As they climbed, the mountain seemed to rise more steeply, and after another hour they went over the rim of an escarpment and looked across a narrow plateau to where the rock face tilted backwards in great, overlapping slabs, most of which were split and fissured into a thousand cracks.
They moved on, heads down against the driving snow, and after another hour Hamid grabbed the bridle of Father Kerrigan’s horse and led it into the shelter of some boulders.
“We’ll rest for a while,’ he said.
Janet handed Kerim down to Drummond and slipped from the saddle. She wiped the snow from her face and smiled wanly. It’s cold.’
Too damned cold,’ Drummond said.
Father Kerrigan walked forward stiffly, slapping his arms to restore the circulation. Td better have a look at Kerim.’
. Drummond crouched down in the shelter of the boulders and Father Kerrigan knelt beside him and gently parted the blankets. ‘God bless my soul, but the child’s sleeping.’
‘Is he all right?’ Janet said anxiously. ‘He’s warm enough, isn’t he?’
‘Warmer than any of us in that cocoon.’ The old man sat down against the rocks. ‘Did you bring the contents of my medical bag?’
Janet nodded and slipped her arms through the straps of the military haversack she’d been carrying on her back. She opened it and took out the Thermos flask of tea she had prepared at breakfast
.What was it you wanted?’
“Never mind, I’ll find it for myself.’
The old priest looked grey and haggard and the lines in his face scoured deep into the flesh. He searched through the contents of the haversack and found what he was looking for, a small bottle of red capsules. He slipped a couple into his mouth and Janet passed him tea in the one tin mug that she had brought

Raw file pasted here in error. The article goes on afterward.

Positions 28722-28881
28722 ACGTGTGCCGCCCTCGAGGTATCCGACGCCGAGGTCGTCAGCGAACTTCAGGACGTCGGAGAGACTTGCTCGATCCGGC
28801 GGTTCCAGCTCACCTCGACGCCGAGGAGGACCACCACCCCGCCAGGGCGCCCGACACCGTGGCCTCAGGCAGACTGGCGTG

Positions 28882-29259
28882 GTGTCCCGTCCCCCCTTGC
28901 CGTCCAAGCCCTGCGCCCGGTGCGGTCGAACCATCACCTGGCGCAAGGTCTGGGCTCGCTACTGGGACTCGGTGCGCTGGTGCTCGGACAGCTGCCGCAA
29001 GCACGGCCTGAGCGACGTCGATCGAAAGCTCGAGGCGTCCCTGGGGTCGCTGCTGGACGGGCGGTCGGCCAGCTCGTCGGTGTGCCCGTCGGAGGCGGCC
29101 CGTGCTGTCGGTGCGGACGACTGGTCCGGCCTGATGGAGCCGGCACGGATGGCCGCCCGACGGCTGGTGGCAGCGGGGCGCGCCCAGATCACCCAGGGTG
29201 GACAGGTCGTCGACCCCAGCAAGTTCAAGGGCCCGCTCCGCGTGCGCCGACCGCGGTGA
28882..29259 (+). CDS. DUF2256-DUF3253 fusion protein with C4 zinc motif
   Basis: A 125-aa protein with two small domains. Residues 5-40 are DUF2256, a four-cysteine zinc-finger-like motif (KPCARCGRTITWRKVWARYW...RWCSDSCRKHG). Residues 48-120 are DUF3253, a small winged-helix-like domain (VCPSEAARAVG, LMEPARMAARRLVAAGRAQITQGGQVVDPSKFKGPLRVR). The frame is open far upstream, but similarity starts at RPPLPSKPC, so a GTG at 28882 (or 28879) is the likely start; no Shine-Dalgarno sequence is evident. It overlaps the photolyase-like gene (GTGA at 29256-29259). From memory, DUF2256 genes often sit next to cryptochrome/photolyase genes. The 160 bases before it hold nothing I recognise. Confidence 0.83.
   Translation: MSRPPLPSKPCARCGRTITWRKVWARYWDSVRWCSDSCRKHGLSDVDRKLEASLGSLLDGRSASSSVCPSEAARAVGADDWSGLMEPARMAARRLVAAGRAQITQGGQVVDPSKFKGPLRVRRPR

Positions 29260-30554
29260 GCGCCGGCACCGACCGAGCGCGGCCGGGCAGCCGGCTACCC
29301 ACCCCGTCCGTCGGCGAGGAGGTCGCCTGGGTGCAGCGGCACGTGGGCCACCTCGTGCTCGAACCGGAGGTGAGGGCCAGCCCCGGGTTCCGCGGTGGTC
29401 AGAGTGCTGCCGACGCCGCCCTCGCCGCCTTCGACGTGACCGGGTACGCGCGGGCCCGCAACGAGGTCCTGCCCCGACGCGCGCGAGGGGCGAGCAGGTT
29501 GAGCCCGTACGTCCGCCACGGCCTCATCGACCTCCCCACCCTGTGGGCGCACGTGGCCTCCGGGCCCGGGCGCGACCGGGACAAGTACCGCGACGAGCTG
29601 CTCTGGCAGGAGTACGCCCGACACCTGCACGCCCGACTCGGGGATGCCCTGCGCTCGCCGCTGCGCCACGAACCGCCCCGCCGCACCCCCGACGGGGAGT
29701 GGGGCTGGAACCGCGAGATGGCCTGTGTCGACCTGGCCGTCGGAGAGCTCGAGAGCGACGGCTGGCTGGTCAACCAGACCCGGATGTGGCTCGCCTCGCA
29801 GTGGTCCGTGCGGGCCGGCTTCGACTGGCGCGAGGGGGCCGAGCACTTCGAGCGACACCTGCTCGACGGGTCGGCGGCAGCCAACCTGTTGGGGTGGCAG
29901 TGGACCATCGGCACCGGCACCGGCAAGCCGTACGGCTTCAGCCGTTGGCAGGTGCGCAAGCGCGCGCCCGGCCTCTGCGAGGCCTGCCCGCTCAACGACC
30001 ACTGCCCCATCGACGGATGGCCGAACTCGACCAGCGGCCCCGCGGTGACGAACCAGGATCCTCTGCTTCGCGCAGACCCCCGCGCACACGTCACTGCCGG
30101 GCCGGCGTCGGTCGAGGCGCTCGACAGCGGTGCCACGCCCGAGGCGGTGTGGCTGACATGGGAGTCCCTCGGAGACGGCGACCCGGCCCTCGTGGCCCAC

Father Kerrigan took a mouthful down and leaned back with a sigh. Hamid said anxiously, ‘Are you all right, Father?’
The old man opened his eyes and grinned. ‘Let’s just say I’m not as young as I was, but the pills Tve taken start acting straight away. I’ll make it The luck of the Irish.’
The mug came round in turn and when it reached Drummond, he swallowed the hot tea gratefully. Hamid produced a couple of cheroots from one of his breast pockets and they lit them and moved away from the others, looking back down the track into the snow.
The old man doesn’t look too good,’ Drummond said. ‘How long till we reach the monastery?’
‘Maybe three hours,’ Hamid said. ‘It afl depends on the state of the track.’
Tve been thinking,’ Drummond said..What guarantee have we got that there will be anyone there when we do reach the place? It could have fallen into disuse years ago. There are ruined monasteries all over the mountains, you know that as well as I do.’
‘At least we’ll find some sort of shelter,’ Hamid said. ‘And that’s something we’re going to need just as soon as we can find it. It’s no use pretending the old man or Janet and the child, for that matter, can stand much of this sort of thing.’
They moved back to the others and Father Kerrigan got to his feet. Whatever he had taken had certainly had a miraculous effect and he smiled, cheeks slightly flushed.
Tm ready when you are.’
Hamid helped him into the saddle, Drummond passed the boy up to Janet and they moved on, skirting the base of the great face of rock slabs.
Over the years, the track had been marked by pilgrims placing their stones on conical cairns which marked quarter-mile intervals and these were still clearly visible in the snow.
An hour later, the track turned into a narrow ravine that slanted up into the rock. It was choked with boulders and loose stones, an indication of years of neglect.
Hamid took the lead, holding Father Kerrigan’s horse by the bridle and Drummond did the same for Janet. He was soon tired and his arm ached with the strain of holding in the unwilling horse. He constantly slipped on the snow, sending loose stones rattling through the maze of boulders below.